"This is only a guess, but I would say $5,000," Ludlow said. That's $5,000 for a parent or parents to fund a softball daughter for a travel ball summer. That's a lot of money but there's a lot of ambition behind it. The Easton Elite have played in Las Vegas, Irvine and twice in both Stockton and Portland. The girls, meanwhile, have spent the past two weeks fund-raising, setting up stands at Oliver's in Cotati and G&G Market in Petaluma, to name a few.

"That's $5,000 not counting the Nationals," corrected Angelica Terrel, a catcher and first baseman from Windsor High.

That's not counting the hours that pile up like so many fall leaves, the hours that parents spend of arranging lodging, transportation, making sure their daughter only has to worry about hitting a fastball or fielding a grounder. When it comes to commitment, a parent of an elite softball player has few equals.

"My dad has risked his job for this," said Courtney Ludlow, who was half-joking.

The ASA Nationals have dramatically increased the intensity of the spotlight. Chuck Ludlow, a Toro salesman, said he expects at least 200 college scouts to be in Clearwater.

"There will be scouts from Division I, Division II, Division III, NAIA, scouts from a lot of East Coast schools," said Ludlow, who was the head baseball coach at Novato High for four years before taking over the Easton Elite 12 years ago. "Back there they don't get to see a lot of western teams."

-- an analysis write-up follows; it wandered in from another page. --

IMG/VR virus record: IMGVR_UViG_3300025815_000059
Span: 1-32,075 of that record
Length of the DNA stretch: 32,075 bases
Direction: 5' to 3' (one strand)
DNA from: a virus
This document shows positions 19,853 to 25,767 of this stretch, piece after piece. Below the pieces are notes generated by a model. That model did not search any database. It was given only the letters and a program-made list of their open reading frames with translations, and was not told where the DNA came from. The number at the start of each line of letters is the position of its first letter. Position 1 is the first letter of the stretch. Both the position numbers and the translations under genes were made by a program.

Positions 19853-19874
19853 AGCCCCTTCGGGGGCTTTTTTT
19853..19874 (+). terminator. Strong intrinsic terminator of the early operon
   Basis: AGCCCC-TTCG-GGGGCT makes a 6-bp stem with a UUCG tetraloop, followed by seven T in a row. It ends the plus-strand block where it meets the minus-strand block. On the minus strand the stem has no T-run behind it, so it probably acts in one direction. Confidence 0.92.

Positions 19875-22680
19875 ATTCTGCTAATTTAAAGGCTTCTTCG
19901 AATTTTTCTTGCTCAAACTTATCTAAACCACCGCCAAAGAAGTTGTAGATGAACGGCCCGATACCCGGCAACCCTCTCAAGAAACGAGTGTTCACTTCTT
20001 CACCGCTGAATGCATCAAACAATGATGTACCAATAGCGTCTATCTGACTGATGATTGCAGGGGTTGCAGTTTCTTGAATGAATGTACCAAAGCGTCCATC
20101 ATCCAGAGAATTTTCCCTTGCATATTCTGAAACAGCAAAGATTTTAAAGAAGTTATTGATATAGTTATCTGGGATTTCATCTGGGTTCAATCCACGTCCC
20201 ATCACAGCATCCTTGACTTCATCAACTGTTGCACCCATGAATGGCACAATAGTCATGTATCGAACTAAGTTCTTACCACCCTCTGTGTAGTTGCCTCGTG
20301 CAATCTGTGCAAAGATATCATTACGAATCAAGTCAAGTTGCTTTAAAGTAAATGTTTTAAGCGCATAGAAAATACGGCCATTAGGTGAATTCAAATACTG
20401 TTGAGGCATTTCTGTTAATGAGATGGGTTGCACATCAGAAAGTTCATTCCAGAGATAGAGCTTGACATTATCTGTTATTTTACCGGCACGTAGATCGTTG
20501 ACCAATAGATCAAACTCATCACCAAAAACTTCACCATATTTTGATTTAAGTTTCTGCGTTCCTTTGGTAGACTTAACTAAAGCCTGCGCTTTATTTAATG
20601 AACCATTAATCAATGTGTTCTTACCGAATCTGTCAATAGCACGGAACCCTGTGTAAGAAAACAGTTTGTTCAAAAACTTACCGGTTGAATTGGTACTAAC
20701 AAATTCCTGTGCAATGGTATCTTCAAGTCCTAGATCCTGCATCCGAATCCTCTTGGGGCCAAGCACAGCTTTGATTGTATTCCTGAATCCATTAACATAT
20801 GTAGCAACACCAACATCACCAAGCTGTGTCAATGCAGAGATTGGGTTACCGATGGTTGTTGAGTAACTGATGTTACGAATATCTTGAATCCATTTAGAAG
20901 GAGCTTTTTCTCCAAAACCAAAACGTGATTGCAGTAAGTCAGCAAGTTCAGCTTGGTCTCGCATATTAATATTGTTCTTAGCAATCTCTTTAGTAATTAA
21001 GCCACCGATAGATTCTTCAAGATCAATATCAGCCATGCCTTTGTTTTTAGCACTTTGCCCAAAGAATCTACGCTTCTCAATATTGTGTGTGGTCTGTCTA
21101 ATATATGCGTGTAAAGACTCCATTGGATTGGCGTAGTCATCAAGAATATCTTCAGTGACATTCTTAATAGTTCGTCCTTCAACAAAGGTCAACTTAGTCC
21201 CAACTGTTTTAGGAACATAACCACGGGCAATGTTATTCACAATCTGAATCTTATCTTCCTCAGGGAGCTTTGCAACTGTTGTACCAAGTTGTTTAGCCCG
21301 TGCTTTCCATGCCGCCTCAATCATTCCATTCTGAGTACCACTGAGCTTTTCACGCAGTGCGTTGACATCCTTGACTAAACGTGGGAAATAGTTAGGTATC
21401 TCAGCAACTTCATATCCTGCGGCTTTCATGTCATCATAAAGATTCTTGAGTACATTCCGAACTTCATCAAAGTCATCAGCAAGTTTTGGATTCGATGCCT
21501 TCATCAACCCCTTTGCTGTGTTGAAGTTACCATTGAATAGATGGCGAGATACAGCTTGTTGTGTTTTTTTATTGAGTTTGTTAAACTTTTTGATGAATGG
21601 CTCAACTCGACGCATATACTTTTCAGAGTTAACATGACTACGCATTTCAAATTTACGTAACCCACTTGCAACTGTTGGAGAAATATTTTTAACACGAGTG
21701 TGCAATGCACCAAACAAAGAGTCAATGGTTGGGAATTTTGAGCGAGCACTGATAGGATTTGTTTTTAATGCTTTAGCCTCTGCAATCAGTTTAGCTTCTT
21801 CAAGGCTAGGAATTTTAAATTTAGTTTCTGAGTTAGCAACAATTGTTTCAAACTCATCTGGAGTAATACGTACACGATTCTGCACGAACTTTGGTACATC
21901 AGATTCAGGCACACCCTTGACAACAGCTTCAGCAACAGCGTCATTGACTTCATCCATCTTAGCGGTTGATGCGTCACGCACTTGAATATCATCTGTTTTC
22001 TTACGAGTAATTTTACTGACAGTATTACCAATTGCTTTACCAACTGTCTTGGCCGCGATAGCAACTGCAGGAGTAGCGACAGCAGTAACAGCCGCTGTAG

Not that this state has to apologize for its talent.

"California teams have high expectations wherever they go," Courtney Ludlow said. Seven of the 62 teams are from California. That the Easton Elite will be tested is an understatement. With pool play on Monday and Tuesday consisting of three games, the Elite could play as many as 13 games in six days to win it all.

"We just got through with a tournament in Irvine," Courtney Ludlow said, "and we held our own."

The Clearwater spotlight may be brighter than any that the players have experienced, but this is not the first time they felt being watched. As early as eighth grade, they said, most of them felt discerning eyes upon them. For example, Chuck Ludlow said Halli Short, a left-handed freshman pitcher at Santa Rosa High last year, is in a lot of college conversations.

Being scouted, being interviewed for the past four or five years is not only a maturing influence, it has long-term value as well. To feel the pressure of expectations, to know you are the bug under the microscope, to handle it without suffocating, it has its own reward.

"I tell the girls all the time," Chuck Ludlow said, "that this will come in handy later when they are adults and they have to go into the fish tank and swim with the sharks."

Hitting a 3-and-2 fastball on the black, with the national championship on the line, with 200 colleges watching, with a free college education in the balance, the Easton girls won't be swimming with sharks later on in their life. In comparison, it'll feel like they are swimming with guppies.